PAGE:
The term ‘value for money’ is now deeply entrenched in public discourse about higher education in England. It is written into the Higher Education and Research Act. It is the subject of an ongoing enquiry by te House of Commons Education Committee, and it has launched a few dozen identikit newspaper columns. It is at the centre of what the Office for Students describes as a ‘major piece of research’ that it has recently commissioned, intending to probe students’ perceptions of value for money to ‘inform’ how the OfS ‘takes forward its legal responsibilities to promote’ it. And no doubt it will in turn inform the thinking of Sam Gyimah, the new minister for Higher Education and Science, as he implements the review of student finance and university funding announced last week.
But one missing element in this debate is an agreed definition of value for money. When we talk about “value” in the context of university education, are we really thinking only about the material return of an undergraduate degree to an individual – as opposed to the wider impact of a vibrant university system? Whose “money” are we even talking about? And are we happy with individual perceptions, or are we looking for objective evidence?
Given this lack of clarity, it’s worth pausing to consider where we are and how we got here. It’s also timely to reflect on the risks carried by these three little words. Nobody, least of all academics, wants universities that are not providing value. But if “value for money” continues to mean radically different things to different people, this peculiarly English debate is unlikely to lead to a better place.
How we got here
In a sector that is profoundly globalized, the value for money debate is surprisingly local. While other countries debate the funding of higher education in various ways, it is difficult to find anything comparable to our value for money terminology. And it is misleading even to call it a British issue; in truth it is confined almost exclusively to England. It can be traced back to the 2012 fee-increases, which have affected students in the four UK nations quite differently.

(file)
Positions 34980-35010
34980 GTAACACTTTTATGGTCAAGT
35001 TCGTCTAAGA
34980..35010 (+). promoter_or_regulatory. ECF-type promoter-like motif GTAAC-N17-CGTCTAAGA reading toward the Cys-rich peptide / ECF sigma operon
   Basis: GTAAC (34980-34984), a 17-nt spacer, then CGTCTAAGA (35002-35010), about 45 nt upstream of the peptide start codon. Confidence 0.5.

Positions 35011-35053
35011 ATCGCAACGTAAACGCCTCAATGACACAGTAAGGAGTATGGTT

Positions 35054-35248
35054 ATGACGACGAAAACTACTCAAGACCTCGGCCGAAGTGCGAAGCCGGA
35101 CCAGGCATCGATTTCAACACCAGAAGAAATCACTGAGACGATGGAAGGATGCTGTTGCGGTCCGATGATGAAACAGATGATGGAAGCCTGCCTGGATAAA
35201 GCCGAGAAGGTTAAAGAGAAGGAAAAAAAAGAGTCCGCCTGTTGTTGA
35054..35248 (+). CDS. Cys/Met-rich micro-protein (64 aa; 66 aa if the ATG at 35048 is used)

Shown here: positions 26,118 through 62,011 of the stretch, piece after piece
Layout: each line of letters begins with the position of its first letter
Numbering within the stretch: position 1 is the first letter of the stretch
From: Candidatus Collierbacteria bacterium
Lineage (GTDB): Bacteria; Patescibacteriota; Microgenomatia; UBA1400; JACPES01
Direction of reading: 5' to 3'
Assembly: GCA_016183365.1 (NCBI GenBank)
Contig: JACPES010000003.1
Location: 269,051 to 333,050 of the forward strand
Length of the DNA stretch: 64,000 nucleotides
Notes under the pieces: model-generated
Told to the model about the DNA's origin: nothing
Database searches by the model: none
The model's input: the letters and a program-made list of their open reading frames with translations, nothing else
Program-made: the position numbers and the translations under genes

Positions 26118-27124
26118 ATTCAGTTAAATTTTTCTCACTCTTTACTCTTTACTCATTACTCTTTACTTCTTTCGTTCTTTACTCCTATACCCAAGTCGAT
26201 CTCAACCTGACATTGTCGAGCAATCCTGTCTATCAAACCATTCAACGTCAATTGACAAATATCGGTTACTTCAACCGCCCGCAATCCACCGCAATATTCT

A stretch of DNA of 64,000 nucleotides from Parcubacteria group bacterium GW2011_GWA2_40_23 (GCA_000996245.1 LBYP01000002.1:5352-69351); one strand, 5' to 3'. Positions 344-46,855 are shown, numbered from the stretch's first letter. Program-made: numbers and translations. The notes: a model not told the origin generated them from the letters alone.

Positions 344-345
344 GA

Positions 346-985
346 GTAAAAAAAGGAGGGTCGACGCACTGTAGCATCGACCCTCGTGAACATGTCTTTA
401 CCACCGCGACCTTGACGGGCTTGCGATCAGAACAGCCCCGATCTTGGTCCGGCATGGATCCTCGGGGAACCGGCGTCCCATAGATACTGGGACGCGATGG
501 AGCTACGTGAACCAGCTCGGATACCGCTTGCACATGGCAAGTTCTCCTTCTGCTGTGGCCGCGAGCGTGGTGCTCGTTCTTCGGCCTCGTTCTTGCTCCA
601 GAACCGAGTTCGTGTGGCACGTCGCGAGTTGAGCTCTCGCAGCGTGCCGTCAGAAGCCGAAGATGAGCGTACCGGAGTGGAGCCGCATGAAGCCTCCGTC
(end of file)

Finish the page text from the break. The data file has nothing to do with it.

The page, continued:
The Telegraph made an early attempt to assess value for money in the wake of the £9000 fees, producing a table that rolled differences in living expenses into the overall costs of higher education. Given the relentless increases in the costs of university accommodation, this appeared to make sense; but it didn’t last. The Complete University Guide trialled a ‘value for money’ index, created by isolating the facilities and academic services spending of universities. This produced in 2015 a somewhat eccentric top five of: Buckinghamshire New University, Royal Agricultural University, University of Northampton, Durham University and the University of Hertfordshire. It duly sunk without trace.
The Higher Education Policy Institute’s Student Academic Experience Survey, in operation since 2006, has achieved far greater impact. Just 14,000 undergraduate students, from all years of study, completed this survey in 2017 (less than 5% of the number who completed the National Student Survey). It has never enjoyed a fraction of the profile of the NSS within universities, in part because it has no impact on league tables, yet it has managed to achieve remarkable levels of attention within the media and with politicians.
In its early years the survey attracted attention mainly for its valuable data on students’ work-patterns. Indeed very recent analysis has demonstrated its ongoing value in this respect, arguing on its basis for the importance of independent study, and pointing to the risks of two-year degrees. But it has blasted into the mainstream through its ‘value’ question. Specifically, in the 2017 version of the survey, Question 16 asked: ‘Thinking of all the things you’ve been asked about in this questionnaire so far, which statement best describes your view of the value for money of your present course?’ Hence the survey’s definition of ‘value for money’ is not so much explicit as implicit in those preceding questions. These cover matters such as contact time, assignments and feedback, the quality and qualifications of teaching staff and overall satisfaction.
Interestingly, in 2017 Question 15, immediately preceding the ‘value for money’ question, asked: ‘Universities are now allowed to raise their fees in line with inflation to £9,250 if they meet certain teaching standards. Do you think this new fee should apply to [your university]?’ Given this trajectory of questioning – the sort of thing that may raise eyebrows in a court of law – it is perhaps not wholly surprising that the responses should have suggested a declining sense of value for money. The headline finding, repeatedly rehearsed in the months since the results were announced, was that only 35% rated their degree as ‘good’ or ‘very good’ value for money. When students face the question this coming spring, the constant media attention to the issue over the past twelve months can surely only be weighting the scales still further.